AMERICANS CALL Alan Ayckbourn "The English Neil Simon" and the English call Simon "The American Ayckbourn," but it's not that simple.

Ayckbourn is the author of two comedies opening this week, "Absent Friends" at the Eisenbower and "Absurd Person Singular" at Olney. "Absurd" made its American bow at the Kennedy Center three summers ago and before that the Kreeger introduced his "Relatively Speaking." American's first Ayckbourn was "How the Other Half Loves," which Phil Silvers tried out at the National before going on to disaster in New York, where Ayckbourn's "The Norman Conquests" later deserved better than it got.

Above all, Ayckbourn is a dazzlingly ingenious craftsman. A former actor who now directs his own theater-in-the-round at the Scarborough (Yorkshire) Library Threater, Ayckbourn has written 14 plays in the past 10 years, using small casts and single sets, economies demanded by his limit of 254 seats. Unsubsidized, Scarborough has supplied a stream of financial winners for London's commercial West End. His latest, "Bedroom Farce," commissioned for the new National Theater, is in repertory in its Lyttleton Theater through the summer.

Like Simon, Ayckbourn breaks his pattern. In "Promises, Promises," adapted from Billy Wilders "The Apartment," Simon pulled off a musical hit. Ayckbourn adapted P.G. Wodehouse's "Jeeves" stories to a score by Andrew Lloyd Webber, who composed "Jesus Christ Superstar," but it mustered only 47 London performances. This spring, changing his style, Ayckbourn wrote about a good-natured man whose mother ruins his marriage in "Just Between Ourselves." Caught off guard, his usual public didn't dig it and the London run was brief. It was the sort of experiment one would have expected from London's National but it chose, instead, the more commercial "Bedroom Farce." Simon failed, too, with his rewrite of Job, "God's Favorite."

Balance is the most striking aspect of Ayckbourn's stagecraft. In "Absurd Person Singular" the settings are three different kitchens on three Christmas Eves. In "Absent Friends" three men and three women reunite on birthdays to help one of them forget someone. "The Norman Conquests" is three plays about the same six people the same weekend, but they have different settings: "Table Manners" in the dining room, "Living Together" in the "lounge" and "Round and Round the Garden" outside. "How the Other Half Loves," which Robert Morley played for three years, was another three-couple farce in which what at first seemed one sitting room actually turned out to be two different rooms.

AYckbourn admits "I like three. It's a comic number."

Speaking of the three bedrooms of three separate houses that are the setting for "Bedroom Farce," he observed that "running gags often pay off in threes. A baby usually will gurgle back at you after the third boo round the corner of his pram. If it's a baby with a sense of humor. Three is a symmetrical number. Yet it's unbalanced. Most of my plays are about people caught off balance. Besides, I couldn't get any more beds on the Scarborough stage."

Where Ayckbourn differs profoundly from Simon is in class distinctions. The best of Simon can be zeroed in on New York's upper West Side. America's upwardly mobile tradition has led Simon to plaza suiters and California suites but the characters are recognizably the same.

English class distinctions are very much a part of Ayckbourn's British acceptance. In "Absurd Person Singular" upper, middle and low-class couples get together in different, revealing kitchens but the aristocrats are on their way down, the middle duo is muddling through and the lower-class couple is aggressively on the rise. "How the Other Half Loves" got some of its humor from the mad setting of two disparate living rooms jumbled together as one, with the characters carefully sticking to the class-indicative furniture of each sequence.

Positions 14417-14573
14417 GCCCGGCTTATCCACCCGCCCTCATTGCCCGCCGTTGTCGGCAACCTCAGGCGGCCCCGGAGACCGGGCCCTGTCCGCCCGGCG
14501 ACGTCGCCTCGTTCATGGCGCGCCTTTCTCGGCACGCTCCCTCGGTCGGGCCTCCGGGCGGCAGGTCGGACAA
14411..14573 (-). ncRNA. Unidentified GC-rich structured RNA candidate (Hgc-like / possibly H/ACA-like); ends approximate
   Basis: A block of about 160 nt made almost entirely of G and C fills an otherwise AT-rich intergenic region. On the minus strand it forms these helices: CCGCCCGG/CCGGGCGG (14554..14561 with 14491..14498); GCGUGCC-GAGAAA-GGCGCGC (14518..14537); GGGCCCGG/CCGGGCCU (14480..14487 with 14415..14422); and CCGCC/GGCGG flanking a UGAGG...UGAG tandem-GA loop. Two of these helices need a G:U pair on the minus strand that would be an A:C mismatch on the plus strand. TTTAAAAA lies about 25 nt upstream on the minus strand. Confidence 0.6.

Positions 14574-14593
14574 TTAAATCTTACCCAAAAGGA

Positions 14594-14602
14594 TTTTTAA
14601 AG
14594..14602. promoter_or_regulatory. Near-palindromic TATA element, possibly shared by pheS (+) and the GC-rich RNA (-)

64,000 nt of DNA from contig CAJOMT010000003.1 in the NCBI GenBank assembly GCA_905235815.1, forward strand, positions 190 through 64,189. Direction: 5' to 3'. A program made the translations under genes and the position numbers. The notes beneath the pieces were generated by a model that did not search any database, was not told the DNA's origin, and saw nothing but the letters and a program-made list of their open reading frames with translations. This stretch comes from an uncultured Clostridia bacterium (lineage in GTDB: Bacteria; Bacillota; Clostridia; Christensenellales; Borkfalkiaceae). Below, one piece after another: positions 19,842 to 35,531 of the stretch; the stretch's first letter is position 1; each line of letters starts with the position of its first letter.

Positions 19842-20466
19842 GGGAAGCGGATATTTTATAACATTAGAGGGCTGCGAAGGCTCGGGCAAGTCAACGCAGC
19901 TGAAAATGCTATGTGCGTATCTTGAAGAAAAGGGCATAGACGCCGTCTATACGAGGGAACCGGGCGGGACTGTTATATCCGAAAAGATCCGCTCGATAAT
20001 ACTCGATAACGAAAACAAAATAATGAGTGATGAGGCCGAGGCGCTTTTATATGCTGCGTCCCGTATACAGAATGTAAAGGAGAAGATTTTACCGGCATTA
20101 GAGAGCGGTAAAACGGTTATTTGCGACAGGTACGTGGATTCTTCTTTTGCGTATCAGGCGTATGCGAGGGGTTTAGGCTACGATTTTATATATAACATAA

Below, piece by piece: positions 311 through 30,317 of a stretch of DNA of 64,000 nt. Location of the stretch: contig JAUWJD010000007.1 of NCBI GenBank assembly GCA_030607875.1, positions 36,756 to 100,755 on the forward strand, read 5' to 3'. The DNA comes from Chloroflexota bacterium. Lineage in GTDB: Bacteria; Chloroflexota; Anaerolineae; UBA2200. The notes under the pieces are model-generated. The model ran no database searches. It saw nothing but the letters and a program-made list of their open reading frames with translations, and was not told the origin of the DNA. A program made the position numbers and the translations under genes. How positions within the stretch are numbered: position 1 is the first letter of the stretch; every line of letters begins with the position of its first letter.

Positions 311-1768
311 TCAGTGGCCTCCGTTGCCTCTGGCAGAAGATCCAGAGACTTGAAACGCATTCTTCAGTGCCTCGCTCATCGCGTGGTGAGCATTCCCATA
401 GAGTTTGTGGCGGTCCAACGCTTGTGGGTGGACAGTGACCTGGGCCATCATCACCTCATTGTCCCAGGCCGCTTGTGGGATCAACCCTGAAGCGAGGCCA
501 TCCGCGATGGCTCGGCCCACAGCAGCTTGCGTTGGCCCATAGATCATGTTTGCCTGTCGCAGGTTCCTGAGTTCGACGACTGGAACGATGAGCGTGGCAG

"Relatively Speaking" is rooted entirely on Upper-Middle manners that forbid prying curiosity about the personal background of strangers, which is the first thing American strangers openly settle. All three of "The Norman Conquests" are predicated on the behavior of Norman, whose liaisons with three women of the same family break the rules. As Norman's wife puts it, "He claims that women can be divided into two groups, the ones you stroke and the ones you swipe. There has been some research done on this and it's been discovered quite recently that they are actually a little more complex . . . I always feel with Norman that I have him on loan from somewhere."

So accepted a part of English social tradition that they are unthinkingly accepted in Britains, these class distinctions are a barrier for American actors and audiences. As Shaw illustrated in "Pygmalion" and Osborne in "Look Back in Anger," there is no such thing as a British accent. There are several and all convey specific meanings.

Nor, for audiences' convenience, can Ayckbourn be transplanted to American, which was attempted with "How the Other Half Loves." Producer Peter Bridge, whose London production of it remains Ayckbourn's most successful, evolved an American setting for Phil Sivers rather against his own will, but with the disappearance of class distinctions much of its humor vanished.

One regrets getting into this sociology, for Ayckbourn shudders at being adopted by serious-minded theater pundits: "I'd hope not to have my plays included as part of the school syllabus and be loathed by a whole generation of schoolchildren. I write about real characters who, projected into incredible situations, start behaving in a larger-than-life manner as the situations appear to them too horribly real. I'm with Chekhov on this. He called his plays comedies or farces whenever he felt like it. Probably to confuse Stanislavski."